Scientists have had a literal breakthrough off the coast of Mexico.
After weeks of drilling from an offshore platform in the Gulf of Mexico, they have reached rocks left over from the day the Earth was hit by a killer asteroid.
The cataclysm is believed to have wiped out the dinosaurs. "This was probably the most important event in the last 100 million years," says Joanna Morgan, a geophysicist at Imperial College in London and a leader of the expedition.
Since the 1980s, researchers have known about the impact site, located near the present-day Yucatan Peninsula. Known as Chicxulub, the crater is approximately 125 miles across. It was created when an asteroid the size of Staten Island, N.Y., struck Earth around 66 million years ago. The initial explosion from the impact would have made a nuclear bomb look like a firecracker. The searing heat started wildfires many hundreds of miles away.
After that, came an unscheduled winter. Sulfur, ash and debris clouded the sky. Darkness fell and, for a while, Earth was not itself.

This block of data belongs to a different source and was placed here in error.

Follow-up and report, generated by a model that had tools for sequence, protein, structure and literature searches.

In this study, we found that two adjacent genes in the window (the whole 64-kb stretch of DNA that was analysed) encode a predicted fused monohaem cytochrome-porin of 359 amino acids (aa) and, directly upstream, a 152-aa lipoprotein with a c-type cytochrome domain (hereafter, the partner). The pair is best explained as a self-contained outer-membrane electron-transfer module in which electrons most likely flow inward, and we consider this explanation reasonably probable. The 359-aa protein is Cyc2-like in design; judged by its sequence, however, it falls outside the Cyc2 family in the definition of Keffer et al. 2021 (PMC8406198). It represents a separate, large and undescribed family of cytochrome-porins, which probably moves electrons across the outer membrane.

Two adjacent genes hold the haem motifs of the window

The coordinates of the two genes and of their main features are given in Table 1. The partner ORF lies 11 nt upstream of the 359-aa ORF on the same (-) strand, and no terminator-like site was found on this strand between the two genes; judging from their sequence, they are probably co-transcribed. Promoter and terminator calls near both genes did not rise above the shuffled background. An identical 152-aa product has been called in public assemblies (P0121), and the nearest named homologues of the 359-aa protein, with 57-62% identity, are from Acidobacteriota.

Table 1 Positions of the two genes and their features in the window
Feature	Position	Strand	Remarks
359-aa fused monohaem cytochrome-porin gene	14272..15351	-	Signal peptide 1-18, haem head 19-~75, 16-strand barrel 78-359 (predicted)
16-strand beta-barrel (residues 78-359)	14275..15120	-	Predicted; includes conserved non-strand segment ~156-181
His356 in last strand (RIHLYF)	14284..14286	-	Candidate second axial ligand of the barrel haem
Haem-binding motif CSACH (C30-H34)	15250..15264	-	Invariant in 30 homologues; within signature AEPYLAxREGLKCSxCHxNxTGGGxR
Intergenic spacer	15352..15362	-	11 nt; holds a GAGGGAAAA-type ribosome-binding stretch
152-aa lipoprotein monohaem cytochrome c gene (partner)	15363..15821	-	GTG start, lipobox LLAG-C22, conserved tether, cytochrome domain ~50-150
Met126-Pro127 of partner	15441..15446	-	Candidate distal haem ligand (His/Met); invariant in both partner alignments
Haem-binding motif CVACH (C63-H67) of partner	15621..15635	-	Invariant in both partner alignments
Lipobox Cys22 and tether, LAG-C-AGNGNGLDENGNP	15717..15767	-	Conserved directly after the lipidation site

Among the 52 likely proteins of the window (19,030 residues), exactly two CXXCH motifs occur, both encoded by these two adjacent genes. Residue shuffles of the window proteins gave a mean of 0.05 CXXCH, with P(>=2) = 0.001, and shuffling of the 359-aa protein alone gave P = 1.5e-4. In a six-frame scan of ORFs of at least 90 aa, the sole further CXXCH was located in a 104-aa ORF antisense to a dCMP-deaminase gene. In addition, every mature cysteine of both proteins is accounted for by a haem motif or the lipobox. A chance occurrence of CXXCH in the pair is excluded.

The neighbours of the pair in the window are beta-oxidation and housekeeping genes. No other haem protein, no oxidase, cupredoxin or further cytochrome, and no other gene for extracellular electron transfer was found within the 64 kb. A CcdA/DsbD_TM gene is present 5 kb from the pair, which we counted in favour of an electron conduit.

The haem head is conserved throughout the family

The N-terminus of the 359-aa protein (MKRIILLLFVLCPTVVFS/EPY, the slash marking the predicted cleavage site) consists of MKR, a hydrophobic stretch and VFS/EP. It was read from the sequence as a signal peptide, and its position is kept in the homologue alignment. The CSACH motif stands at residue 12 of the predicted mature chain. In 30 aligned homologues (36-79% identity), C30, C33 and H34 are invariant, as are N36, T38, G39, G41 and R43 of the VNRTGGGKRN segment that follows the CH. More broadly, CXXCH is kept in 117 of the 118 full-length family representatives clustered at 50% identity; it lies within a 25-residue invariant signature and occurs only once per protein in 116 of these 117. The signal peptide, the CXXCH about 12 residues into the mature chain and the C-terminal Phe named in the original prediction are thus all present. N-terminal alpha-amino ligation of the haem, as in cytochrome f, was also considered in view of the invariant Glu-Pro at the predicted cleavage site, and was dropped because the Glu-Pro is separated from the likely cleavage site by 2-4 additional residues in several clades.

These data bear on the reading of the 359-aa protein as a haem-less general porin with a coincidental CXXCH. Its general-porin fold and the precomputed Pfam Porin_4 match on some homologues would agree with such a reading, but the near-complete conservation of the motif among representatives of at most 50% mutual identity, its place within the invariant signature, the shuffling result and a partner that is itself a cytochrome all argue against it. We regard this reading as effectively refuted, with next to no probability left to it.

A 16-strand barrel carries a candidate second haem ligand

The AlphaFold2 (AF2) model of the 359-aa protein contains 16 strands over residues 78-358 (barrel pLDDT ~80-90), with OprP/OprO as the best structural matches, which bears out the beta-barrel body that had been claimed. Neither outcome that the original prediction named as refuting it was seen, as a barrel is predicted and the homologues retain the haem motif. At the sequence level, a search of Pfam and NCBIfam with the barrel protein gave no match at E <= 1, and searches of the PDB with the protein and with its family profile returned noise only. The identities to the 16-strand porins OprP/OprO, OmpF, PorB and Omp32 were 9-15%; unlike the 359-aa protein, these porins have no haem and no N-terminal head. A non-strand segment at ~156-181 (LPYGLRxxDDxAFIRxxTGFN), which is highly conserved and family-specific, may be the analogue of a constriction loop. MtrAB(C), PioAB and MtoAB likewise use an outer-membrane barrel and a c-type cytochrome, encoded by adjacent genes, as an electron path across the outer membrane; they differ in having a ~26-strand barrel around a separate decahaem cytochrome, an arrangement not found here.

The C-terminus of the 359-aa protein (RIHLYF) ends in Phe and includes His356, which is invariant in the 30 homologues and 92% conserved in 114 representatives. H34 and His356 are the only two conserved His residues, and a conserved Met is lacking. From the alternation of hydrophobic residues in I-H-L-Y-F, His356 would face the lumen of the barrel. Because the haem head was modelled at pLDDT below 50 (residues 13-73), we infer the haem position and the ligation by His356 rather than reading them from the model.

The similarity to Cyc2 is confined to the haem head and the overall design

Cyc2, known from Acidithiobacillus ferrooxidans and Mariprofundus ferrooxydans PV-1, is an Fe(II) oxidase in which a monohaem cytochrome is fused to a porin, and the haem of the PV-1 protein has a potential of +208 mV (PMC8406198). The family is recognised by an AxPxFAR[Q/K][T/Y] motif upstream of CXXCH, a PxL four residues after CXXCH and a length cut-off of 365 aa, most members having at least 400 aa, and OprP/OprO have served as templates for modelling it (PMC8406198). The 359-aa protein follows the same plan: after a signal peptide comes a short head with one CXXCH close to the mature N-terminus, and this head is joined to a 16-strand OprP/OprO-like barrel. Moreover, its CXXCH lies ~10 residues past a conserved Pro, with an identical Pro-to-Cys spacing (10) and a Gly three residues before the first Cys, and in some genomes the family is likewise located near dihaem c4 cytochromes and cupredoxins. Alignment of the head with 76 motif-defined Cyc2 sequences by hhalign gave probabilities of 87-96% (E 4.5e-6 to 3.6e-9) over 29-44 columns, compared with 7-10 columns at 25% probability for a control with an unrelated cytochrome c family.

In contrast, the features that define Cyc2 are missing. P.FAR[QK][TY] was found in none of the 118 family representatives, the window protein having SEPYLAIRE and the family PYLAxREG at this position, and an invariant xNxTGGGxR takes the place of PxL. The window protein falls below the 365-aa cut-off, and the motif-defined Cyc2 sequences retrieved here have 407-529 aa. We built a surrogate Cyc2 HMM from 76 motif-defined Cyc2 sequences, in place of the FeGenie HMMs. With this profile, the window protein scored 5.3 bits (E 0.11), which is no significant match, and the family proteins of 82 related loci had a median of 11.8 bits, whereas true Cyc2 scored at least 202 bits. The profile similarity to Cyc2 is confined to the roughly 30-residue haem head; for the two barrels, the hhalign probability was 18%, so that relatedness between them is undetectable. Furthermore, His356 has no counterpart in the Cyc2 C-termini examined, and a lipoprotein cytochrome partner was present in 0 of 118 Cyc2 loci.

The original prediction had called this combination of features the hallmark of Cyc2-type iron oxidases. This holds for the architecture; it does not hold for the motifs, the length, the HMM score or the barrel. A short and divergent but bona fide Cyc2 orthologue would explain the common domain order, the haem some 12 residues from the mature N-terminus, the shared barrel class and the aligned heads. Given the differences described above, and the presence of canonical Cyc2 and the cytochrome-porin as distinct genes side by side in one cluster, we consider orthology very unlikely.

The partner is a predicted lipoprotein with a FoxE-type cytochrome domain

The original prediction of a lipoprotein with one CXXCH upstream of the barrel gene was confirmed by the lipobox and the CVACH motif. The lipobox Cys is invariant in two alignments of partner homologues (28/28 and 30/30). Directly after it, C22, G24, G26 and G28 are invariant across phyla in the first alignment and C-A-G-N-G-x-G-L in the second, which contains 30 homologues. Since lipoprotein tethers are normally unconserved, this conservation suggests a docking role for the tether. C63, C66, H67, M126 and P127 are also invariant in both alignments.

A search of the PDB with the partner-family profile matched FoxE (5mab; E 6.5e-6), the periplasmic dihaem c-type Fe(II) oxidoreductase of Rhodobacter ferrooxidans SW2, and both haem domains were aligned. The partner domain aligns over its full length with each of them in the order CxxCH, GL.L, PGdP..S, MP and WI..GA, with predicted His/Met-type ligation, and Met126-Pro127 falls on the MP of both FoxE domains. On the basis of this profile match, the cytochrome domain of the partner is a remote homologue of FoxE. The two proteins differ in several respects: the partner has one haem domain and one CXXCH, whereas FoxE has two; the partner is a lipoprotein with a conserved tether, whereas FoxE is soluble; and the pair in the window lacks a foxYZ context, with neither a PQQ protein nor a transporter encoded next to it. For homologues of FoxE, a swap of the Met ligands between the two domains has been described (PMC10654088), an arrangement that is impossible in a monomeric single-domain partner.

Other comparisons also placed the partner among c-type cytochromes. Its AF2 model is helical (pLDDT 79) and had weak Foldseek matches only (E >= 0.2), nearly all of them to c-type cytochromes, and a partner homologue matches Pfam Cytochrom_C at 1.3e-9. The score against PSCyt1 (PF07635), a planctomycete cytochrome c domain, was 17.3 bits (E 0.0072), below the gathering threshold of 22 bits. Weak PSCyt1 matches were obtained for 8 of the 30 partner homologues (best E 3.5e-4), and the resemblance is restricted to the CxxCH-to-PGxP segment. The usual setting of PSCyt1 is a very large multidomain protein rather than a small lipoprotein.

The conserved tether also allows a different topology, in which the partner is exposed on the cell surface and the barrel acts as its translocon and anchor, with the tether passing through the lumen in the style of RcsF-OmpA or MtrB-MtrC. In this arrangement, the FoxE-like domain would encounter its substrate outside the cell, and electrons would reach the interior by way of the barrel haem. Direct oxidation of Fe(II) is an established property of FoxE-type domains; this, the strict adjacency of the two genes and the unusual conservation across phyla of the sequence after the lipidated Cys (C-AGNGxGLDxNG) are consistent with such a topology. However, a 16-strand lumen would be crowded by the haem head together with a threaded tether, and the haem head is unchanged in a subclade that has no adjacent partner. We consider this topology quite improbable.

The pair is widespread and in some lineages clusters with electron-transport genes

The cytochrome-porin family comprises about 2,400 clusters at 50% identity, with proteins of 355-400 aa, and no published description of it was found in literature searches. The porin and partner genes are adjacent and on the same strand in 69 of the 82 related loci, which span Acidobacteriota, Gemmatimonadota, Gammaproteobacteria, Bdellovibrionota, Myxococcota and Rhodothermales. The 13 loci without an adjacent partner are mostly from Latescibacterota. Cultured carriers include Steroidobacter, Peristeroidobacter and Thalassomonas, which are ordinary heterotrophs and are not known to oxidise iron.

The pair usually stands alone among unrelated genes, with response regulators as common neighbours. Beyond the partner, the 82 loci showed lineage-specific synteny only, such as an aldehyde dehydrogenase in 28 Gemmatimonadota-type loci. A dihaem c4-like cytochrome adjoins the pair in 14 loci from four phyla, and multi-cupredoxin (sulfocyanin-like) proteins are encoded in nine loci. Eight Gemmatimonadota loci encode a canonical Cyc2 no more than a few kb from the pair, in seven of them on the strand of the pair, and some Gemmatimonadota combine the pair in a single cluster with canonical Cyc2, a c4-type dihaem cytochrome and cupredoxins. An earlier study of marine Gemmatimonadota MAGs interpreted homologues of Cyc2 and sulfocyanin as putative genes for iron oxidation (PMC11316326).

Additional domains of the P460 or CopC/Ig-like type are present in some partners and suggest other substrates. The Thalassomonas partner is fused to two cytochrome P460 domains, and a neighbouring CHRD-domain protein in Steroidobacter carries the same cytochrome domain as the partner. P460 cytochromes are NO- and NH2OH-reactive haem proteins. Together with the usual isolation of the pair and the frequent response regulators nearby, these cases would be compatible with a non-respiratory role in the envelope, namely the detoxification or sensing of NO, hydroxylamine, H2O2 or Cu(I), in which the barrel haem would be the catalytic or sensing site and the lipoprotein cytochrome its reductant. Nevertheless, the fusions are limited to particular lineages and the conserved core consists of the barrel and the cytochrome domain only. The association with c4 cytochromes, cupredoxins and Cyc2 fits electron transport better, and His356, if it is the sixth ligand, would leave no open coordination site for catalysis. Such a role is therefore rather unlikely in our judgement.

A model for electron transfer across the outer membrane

"I think it was a bad few months, really," Morgan says.
That's an understatement: Scientists believe 75 percent of life went extinct during this dark chapter in Earth's history, including the dinosaurs.
Researchers have sampled Chicxulub before, but this expedition by the European Consortium for Ocean Research Drilling precisely targets a key part of the crater yet to be studied: a ring of mountains left by the asteroid. This "peak ring" is a fundamental feature of the strike and should tell researchers much more about it, says Sean Gulick, a geophysicist at the University of Texas at Austin, who co-leads the team with Morgan.
For weeks, they've been drilling — and going back in time. Each layer of rock they pass through is connected to a part of Earth's history.